Madam Chair, distinguished delegates,

The treaty-based obligations of the Secretary-General under the legal regime on outer space form a foundation under international law for transparency and confidence-building in the safety, security and sustainability of outer space activities.

With regard to its responsibilities in discharging the Secretary-General's obligations under international space law, in particular the maintenance of the United Nations Register of Objects Launched into Outer Space, the Office is pleased to note that a number of new space nations are actively working to register their space objects and fulfill their treaty obligations.

Since our session last year, the Office is pleased to report that Algeria, Belarus, Belgium, Brazil, Canada, China, the Democratic People's Republic of Korea (DPRK), Denmark, Germany, India, Indonesia, Italy, Japan, Mexico, Peru, Poland, the Russian Federation, Turkey, the United Kingdom and Uruguay have provided registration information to the Secretary-General under the Registration Convention or Assembly resolution 1721 B (XVI).

In connection with Article II of the Registration Convention on the establishment of national space object registries, Austria, Denmark, Peru and Slovakia have transmitted notifications of the establishment of their national registries. The Office would like to invite other States Parties that have not done so to inform the Secretary-General accordingly.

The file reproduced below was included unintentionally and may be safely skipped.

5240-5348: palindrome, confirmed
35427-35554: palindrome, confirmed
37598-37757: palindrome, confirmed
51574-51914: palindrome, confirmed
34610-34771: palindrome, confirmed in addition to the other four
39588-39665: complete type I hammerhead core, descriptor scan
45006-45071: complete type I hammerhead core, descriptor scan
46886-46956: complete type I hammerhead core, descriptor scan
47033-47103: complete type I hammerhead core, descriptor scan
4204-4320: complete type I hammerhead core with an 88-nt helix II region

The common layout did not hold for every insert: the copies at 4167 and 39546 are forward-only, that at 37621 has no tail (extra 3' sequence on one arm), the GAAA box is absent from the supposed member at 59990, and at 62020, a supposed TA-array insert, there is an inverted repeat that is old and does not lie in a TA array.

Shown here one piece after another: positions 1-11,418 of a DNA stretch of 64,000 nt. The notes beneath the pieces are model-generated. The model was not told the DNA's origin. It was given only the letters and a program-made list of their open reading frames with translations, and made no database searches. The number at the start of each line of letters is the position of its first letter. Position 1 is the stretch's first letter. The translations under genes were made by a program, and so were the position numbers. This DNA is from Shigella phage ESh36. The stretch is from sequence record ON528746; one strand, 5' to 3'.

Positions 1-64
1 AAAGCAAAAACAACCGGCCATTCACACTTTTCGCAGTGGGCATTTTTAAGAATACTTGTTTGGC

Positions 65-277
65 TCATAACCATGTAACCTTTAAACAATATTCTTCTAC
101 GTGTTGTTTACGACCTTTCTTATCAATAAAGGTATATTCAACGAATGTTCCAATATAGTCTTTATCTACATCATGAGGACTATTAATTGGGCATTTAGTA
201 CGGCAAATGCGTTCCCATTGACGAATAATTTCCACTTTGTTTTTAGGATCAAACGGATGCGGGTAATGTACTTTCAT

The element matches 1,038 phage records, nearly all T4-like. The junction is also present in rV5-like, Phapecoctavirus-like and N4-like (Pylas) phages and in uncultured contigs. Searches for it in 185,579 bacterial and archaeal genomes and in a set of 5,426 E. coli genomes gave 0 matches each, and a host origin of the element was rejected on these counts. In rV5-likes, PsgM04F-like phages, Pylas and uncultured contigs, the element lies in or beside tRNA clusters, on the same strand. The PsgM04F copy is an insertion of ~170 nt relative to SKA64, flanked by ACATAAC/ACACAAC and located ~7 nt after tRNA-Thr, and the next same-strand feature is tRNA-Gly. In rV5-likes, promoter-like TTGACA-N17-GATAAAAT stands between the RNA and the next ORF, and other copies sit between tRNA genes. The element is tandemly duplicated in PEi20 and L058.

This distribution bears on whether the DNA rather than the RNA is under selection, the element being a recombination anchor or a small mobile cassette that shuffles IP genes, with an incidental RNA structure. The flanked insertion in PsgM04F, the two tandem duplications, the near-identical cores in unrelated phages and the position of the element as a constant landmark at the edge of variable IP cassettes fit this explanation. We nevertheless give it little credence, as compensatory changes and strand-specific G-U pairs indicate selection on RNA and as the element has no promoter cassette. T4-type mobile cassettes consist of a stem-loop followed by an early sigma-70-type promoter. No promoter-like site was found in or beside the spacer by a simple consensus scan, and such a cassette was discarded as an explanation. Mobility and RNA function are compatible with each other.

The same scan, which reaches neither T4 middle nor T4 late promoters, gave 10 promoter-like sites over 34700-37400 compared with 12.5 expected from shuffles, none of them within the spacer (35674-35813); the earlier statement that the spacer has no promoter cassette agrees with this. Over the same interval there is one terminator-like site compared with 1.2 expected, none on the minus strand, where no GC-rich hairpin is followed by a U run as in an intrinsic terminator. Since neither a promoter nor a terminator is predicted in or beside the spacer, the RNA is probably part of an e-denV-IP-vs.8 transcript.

At the same time, and as delegates are aware, the last few years have seen a significant increase in the number of satellites launched per year: from 120 in 2010 to 220 in 2016. It is expected that these numbers will continue to increase in the future. Unfortunately, I regret to inform delegates that the total number of unregistered space objects per year has also increased, from 10 in 2010 to 160 in 2016. The Office invites States and international inter-governmental organizations that have not done so to register their space objects with the Secretary-General. My staff stand ready to provide any assistance that may be required.

The Office is also pleased to inform the Subcommittee that a growing number of states are providing additional information on their space objects as recommended by resolution 62/101. The information includes changes of geosynchronous orbit (GSO) positions, details of satellite decommissioning, and information on owners/operators.